The Indianapolis facility processed more than 5,000 waste streams for automotive assembly plants, tool-and-dye shops, oil refineries and distributors, chemical manufacturing companies, pharmaceutical groups, university laboratories and others—more than 1.5 million gallons each day, the company said.
ESI filed for Chapter 7 liquidation in U.S. Bankruptcy Court on Oct. 1, after the three officials were indicted. The firm listed assets of $41,466 and liabilities of nearly $35.3 million.
ESI Environmental Inc.
ESI processed more than 5,000 waste streams at its Indianapolis facility.
Founded in 1992, ESI was once Indianapolis’s second-largest environmental contractor based on revenue. The company reported $23 million in revenues in 2008 and $16 million in 2009.
Authorities began investigating the company in February 2009 after Indiana’s Department of Environmental Management received complaints from several Indianapolis homeowners that thick, oily wastewater was flowing into their yards from sewer manholes after a heavy rainfall.
ESI lacked the required storage capacity to handle wastewater from this amount of rain, authorities later learned. So, they said, Milem and Snow decided to directly discharge untreated oily wastewater into the Indianapolis sewer system, pumping 300,000 gallons of wastewater over eight hours through hoses that bypassed ESI's treatment processes.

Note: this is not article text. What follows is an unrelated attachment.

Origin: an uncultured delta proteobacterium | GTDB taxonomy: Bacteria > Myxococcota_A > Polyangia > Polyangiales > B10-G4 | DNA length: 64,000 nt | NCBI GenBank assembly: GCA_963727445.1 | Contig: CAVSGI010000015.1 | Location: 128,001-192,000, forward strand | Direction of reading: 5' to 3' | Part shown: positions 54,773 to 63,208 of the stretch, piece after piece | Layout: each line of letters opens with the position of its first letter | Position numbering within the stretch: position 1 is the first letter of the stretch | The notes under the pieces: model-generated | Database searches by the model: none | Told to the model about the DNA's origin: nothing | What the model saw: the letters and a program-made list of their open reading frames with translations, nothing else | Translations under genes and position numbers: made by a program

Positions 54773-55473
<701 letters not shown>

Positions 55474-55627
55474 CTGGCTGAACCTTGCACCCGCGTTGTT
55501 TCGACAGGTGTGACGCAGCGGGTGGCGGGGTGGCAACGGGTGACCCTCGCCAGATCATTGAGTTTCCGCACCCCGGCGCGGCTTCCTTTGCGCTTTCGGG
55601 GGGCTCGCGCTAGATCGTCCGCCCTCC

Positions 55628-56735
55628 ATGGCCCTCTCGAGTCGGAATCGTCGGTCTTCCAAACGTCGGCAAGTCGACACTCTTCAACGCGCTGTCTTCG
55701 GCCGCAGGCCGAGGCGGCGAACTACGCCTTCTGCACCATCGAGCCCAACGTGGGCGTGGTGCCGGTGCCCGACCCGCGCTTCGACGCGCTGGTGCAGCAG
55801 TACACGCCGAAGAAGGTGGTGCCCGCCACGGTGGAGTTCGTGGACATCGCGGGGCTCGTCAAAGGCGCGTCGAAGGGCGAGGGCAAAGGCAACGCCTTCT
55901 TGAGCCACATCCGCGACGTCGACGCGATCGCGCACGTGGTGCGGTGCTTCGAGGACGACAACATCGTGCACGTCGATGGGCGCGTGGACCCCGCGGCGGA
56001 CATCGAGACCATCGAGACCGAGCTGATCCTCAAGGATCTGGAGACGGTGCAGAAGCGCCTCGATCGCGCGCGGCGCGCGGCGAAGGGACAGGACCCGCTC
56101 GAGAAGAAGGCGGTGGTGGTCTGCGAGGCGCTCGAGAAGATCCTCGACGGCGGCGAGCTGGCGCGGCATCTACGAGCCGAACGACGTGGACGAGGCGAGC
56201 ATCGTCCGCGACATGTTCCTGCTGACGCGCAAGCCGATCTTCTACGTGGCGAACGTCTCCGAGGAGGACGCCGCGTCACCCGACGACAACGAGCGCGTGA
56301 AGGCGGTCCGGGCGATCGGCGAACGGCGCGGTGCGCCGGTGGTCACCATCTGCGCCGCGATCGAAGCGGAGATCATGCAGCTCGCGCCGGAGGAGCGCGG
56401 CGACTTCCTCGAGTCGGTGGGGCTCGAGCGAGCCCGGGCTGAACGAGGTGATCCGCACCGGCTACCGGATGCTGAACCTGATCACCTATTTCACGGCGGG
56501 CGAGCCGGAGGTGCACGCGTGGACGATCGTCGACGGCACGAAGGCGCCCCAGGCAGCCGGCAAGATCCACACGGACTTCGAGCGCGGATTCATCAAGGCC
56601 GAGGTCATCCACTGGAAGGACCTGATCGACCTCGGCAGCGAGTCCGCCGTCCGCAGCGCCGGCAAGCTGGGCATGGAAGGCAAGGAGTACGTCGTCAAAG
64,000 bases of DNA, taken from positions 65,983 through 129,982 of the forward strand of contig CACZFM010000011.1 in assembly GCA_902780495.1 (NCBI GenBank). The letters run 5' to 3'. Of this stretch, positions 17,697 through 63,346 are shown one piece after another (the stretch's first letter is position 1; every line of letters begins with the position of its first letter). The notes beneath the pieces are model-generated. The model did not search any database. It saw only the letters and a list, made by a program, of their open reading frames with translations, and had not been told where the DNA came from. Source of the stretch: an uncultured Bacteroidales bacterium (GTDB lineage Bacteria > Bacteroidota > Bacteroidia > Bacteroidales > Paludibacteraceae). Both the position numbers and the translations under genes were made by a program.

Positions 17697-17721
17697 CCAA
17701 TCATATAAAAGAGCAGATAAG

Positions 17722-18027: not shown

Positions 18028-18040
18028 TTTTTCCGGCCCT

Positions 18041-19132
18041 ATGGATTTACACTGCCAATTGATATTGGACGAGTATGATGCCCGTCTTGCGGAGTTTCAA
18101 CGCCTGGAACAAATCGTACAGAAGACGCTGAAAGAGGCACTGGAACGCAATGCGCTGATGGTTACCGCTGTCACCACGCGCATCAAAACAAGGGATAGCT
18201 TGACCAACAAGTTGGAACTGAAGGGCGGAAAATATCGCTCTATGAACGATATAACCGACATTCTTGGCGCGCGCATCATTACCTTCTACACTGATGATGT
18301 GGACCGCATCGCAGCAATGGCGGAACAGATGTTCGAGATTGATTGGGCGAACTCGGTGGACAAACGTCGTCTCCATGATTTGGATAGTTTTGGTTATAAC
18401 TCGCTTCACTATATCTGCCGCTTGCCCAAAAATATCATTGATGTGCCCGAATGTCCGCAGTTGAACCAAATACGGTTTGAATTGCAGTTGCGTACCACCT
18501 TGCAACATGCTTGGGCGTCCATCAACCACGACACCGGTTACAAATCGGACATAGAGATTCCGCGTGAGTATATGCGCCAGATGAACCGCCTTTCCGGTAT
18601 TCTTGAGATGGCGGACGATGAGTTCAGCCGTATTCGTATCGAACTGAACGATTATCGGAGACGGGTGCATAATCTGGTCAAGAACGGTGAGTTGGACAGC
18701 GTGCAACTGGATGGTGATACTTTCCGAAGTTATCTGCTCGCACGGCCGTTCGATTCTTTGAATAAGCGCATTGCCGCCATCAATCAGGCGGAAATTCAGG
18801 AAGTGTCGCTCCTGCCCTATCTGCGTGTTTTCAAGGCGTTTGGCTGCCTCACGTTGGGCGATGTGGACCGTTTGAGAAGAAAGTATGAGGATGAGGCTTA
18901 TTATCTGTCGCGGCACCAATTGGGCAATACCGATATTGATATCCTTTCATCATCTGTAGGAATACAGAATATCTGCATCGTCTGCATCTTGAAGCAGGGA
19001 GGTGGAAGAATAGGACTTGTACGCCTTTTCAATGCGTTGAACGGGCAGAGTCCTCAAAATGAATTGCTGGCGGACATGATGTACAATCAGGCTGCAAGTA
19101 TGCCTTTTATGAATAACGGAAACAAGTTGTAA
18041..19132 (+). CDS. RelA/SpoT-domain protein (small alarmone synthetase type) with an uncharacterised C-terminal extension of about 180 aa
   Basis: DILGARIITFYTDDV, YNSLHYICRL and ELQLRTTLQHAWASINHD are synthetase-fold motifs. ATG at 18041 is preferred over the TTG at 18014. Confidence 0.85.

Hours later, the sludge-like waste emerged from several sewer manholes downstream of the ESI facility, contaminating the residential properties.
Authorities eventually learned that ESI had not been treating the waste it took from customers for “a significant period of time.” Much of its treatment equipment needed repairing or replacing, authorities said.
They also then learned that ESI had lied to EPA and Indiana about its storage capacity in the event of a major storm.
‘Cherry Picked’ Data
Biggio helped the cover-up, EPA said. From 2001 to 2007, authorities said, he told employees to take multiple samples but only report the most favorable results to the city, instead of reporting all of the samples as required by permit.
Biggio “‘cherry picked’ the data and only reported the ‘best’ samples whose analytic results reflected lower concentrations of certain pollutants,” EPA said in a release.